“One of the things that I’ve understood in conversations with water board staff is that the act of recharge for the water board in terms of water rights is storage,” he said. “In the water rights system, recharge is a storage activity and not a use activity, which is what happens when you extract the water. I think we’ve been wrapping ourselves around the axle when we say that recharge should be a beneficial use when in fact I think if we say recharge should be considered a public benefit and maybe a non-consumptive beneficial use, we could make more headway in working with the water board.”
Flood MAR is inherently an integrated water management strategy because it requires the flood management community, the groundwater management community, and the ecosystem management community to work across traditional or historical boundaries; Mr. Guivetchi noted that you would have to go out of your way to do Flood MAR and not have multiple benefits.
In this context, Flood MAR is a companion to what is called stormwater management in the urban settings; Flood MAR in this context is water that would be floodwaters that are applied to agricultural and working lands for the purpose of recharging groundwater and providing terrestrial ecosystem benefits, he said.
Mr. Guivetchi then presented the graphic from the Water Available for Replenishment Report, explaining that the flows that Flood MAR is considering on the hydrograph are those above the existing green line. The goal is to explore the potential to capture some of the high winter flows and sink it into the ground in a way that is not damaging to agricultural production, he said.
Mr. Guivetchi acknowledged he is often asked about the possible negative impacts to fish and flows for fish. “With climate change, we’re actually seeing a shift in our high flows to earlier in the winter, and less flows in the late spring and early summer, so this hydrograph is actually going to have higher peaks in the winter time and lower flows in the summertime,” he said. “Even if we just took the difference between what has historically been the winter peak and what climate change is going to confront us with and sunk that into the ground, that would reduce flood risk and would help replenish groundwater without having a significant depletion of fish flows.”
A Flood MAR strategy can provide many benefits, including making sure that agricultural lands and production are not sacrificed as part of the SGMA water budget balancing. “Without Flood MAR, more focus is going to have to be put on water conservation and at some point land retirement when you’ve exhausted alternative water supplies and water conservation,” he said. “With Flood MAR, we’re adding a new alternative supply that will help GSAs balance their water budgets more effectively. Flood MAR is also inherently a climate adaptation strategy because with the changes in the hydrograph that climate change will bring, Flood MAR actually helps us manage that proactively.”
However, there are many aspects, both institutional and physical, that will need to be addressed to really scale up this strategy, he noted.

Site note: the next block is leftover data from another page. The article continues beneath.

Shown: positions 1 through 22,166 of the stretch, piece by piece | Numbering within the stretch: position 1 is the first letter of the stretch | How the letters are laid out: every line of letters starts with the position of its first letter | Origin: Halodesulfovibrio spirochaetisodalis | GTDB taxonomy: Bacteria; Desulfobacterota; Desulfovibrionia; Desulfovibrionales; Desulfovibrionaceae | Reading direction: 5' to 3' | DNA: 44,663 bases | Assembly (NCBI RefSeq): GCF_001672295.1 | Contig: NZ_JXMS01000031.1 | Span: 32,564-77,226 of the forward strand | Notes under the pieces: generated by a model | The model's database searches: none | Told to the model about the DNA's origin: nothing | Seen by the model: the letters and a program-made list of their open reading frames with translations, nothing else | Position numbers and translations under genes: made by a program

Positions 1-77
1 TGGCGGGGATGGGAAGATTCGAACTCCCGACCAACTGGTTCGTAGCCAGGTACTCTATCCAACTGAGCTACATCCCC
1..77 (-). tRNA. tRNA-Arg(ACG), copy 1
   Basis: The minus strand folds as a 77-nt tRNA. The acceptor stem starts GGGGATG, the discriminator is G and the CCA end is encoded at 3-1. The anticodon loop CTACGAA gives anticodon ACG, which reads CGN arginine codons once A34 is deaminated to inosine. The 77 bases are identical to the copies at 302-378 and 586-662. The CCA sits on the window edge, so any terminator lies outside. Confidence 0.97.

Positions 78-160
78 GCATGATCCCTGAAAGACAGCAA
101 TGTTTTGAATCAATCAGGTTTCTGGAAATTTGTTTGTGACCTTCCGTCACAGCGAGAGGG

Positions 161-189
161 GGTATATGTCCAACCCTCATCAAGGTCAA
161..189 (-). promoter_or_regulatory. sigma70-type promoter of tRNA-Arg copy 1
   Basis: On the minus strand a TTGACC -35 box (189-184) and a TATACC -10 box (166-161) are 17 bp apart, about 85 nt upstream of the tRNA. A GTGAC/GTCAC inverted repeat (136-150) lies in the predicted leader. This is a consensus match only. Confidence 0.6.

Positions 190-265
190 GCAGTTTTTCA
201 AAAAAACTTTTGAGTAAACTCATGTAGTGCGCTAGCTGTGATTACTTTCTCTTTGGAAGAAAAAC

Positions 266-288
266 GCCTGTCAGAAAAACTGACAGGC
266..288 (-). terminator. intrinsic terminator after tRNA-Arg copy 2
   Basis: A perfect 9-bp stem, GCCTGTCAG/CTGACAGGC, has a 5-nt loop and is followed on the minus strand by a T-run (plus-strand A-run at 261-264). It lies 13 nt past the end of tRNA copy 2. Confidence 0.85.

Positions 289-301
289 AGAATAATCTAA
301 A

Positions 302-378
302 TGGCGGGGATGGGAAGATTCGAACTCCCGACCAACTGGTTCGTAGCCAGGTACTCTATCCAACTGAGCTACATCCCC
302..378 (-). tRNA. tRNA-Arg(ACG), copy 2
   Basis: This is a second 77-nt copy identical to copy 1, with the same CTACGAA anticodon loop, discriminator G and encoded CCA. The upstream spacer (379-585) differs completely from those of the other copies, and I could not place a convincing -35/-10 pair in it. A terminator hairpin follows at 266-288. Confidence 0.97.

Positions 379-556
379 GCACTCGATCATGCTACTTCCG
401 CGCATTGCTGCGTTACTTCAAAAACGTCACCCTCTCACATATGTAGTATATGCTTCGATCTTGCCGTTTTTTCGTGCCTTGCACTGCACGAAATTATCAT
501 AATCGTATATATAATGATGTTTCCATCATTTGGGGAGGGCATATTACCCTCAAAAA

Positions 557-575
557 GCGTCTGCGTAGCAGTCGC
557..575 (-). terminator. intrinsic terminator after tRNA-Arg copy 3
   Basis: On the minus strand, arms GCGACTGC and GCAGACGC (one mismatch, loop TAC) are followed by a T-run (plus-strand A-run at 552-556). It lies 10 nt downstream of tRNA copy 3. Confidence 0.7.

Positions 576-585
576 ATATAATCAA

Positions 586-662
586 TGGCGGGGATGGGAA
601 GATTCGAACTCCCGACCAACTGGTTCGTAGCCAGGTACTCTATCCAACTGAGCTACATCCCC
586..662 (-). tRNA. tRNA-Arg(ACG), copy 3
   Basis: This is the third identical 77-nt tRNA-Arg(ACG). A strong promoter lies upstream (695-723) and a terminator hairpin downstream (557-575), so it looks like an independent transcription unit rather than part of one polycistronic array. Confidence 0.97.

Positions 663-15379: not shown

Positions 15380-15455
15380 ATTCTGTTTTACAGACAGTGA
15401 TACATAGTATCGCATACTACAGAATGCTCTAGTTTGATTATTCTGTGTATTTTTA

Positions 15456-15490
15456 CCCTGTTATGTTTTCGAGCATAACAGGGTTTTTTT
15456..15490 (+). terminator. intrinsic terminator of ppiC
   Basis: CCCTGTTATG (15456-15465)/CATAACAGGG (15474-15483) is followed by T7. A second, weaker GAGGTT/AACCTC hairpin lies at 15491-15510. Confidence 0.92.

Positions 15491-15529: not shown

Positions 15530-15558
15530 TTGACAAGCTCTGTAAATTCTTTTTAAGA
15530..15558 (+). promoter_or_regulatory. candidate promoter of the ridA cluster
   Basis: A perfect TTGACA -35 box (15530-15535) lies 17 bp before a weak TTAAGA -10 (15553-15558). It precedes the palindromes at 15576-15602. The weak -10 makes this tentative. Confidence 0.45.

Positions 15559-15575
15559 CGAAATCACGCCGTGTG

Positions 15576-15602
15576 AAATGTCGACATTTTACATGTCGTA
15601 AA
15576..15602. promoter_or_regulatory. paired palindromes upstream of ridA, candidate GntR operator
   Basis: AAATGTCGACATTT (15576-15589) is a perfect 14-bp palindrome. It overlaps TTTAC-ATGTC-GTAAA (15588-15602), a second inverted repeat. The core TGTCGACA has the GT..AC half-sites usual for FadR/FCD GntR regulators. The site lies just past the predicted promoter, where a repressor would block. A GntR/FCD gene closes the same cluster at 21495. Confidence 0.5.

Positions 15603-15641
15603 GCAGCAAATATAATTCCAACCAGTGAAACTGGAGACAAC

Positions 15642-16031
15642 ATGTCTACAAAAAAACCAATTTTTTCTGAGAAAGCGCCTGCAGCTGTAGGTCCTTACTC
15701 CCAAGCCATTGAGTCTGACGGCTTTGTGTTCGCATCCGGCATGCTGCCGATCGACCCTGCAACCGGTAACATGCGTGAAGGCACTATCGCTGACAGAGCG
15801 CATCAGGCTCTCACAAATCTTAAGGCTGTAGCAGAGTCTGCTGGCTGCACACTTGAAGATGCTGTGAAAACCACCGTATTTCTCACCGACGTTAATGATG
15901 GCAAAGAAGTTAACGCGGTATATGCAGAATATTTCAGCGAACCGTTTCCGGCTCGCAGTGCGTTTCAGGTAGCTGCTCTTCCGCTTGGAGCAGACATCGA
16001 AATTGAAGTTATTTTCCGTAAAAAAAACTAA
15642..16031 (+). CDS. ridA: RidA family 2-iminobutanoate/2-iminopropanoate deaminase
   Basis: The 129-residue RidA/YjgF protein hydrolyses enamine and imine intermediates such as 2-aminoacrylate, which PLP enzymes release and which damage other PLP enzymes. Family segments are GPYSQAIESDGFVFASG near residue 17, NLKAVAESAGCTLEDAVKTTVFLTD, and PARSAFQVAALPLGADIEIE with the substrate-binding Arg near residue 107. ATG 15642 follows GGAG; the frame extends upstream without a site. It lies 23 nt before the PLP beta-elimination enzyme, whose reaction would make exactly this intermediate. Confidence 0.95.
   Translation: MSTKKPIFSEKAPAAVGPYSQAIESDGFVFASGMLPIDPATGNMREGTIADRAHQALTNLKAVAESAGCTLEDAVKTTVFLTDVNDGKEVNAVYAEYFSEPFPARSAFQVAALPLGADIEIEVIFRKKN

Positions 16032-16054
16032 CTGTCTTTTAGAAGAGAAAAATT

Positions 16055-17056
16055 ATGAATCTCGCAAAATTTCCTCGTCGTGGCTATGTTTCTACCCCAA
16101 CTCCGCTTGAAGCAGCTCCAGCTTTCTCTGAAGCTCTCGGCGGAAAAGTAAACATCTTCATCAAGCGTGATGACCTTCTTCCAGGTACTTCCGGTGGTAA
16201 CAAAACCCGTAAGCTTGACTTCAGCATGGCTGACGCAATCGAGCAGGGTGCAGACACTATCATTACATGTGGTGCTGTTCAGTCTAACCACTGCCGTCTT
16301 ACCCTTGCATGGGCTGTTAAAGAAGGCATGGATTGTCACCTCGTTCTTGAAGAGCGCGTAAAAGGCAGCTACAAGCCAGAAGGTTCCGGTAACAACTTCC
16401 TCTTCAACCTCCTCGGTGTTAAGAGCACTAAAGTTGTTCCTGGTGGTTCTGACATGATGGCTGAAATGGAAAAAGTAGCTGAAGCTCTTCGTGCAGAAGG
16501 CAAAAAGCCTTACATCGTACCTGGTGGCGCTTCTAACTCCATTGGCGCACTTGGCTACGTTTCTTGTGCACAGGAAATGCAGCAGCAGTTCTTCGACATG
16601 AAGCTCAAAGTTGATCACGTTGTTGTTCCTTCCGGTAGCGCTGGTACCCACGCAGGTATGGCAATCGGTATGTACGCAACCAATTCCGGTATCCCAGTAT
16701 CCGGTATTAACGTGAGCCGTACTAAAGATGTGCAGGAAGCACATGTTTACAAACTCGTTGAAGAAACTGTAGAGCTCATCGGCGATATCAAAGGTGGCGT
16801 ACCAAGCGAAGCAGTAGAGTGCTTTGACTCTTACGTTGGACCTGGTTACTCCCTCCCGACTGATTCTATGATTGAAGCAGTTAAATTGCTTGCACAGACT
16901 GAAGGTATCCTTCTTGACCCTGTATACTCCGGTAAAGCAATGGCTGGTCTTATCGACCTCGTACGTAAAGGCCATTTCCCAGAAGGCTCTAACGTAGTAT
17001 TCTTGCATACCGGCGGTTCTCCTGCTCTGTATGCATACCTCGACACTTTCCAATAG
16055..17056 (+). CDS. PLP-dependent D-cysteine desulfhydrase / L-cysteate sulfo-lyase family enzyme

A number of studies have been done over the past 15 years that most people aren’t aware of, Mr. Guivetchi said. In 2002, the Corps of Engineers in Davis, did a study that found that by just reoperating the reservoir rule curves, almost 800,000 AF in Sacramento Valley and the San Joaquin Valley could be made available for groundwater recharge. The University of California in Santa Cruz since 2006 has been doing a pilot project with farmers with a net metering program where they pay farmers for recharging high winter flows, and in some cases, the farmers are making more money than the cost of their groundwater extraction, he noted. The Central Valley Flood Protection Plan has an entire attachment or appendix on this very topic to show how it could help flood risk reduction.
RMC and the Water Foundation did a study in 2008/2009 where they found that in the Merced, Chowchilla, Fresno, and Kings Rivers, you could get as much as 130,000 AF per year through a Flood MAR approach and it would be cost effective, he continued. More recently, Sustainable Conservation and EarthGEO have put together a gaming tool to help farmers and GSAs actually determine how much winter flows they could safely put on their various crops for the purposes of groundwater recharge.
DWR has taken the remaining money for the system reoperation study and is going to produce a white paper and a plan of study to advance or scale up Flood MAR. There is a discussion draft of a white paper that was distributed in November which was released to motivate discussion and get public comments. DWR is developing a research and development plan of study which they will release in draft form to engender a discussion and gather input to identify what studies have been done and what new pilot projects can be done to get the information needed to safely and rationally scale up this new strategy.
“Having an R&D plan and implementing it is going to require resources, so my hope is by engaging a large community in the development of that study plan, we can jointly go and look for multiple pots of money to get those studies and pilot projects done,” concluded Mr. Guivetchi.
SARGE GREEN: Recharging Groundwater in the San Joaquin Valley: Preliminary Findings from a Survey of Water Managers
Sarge Green, a member of the Research Network with the Public Policy Institute of California and the Water Policy Center, then discussed the results of a recent survey conducted by the PPIC that asked water managers in the San Joaquin Valley about their groundwater recharge efforts during the very wet year last year, what barriers they encountered, and what is needed going forward in order to accomplish more groundwater recharge in the future.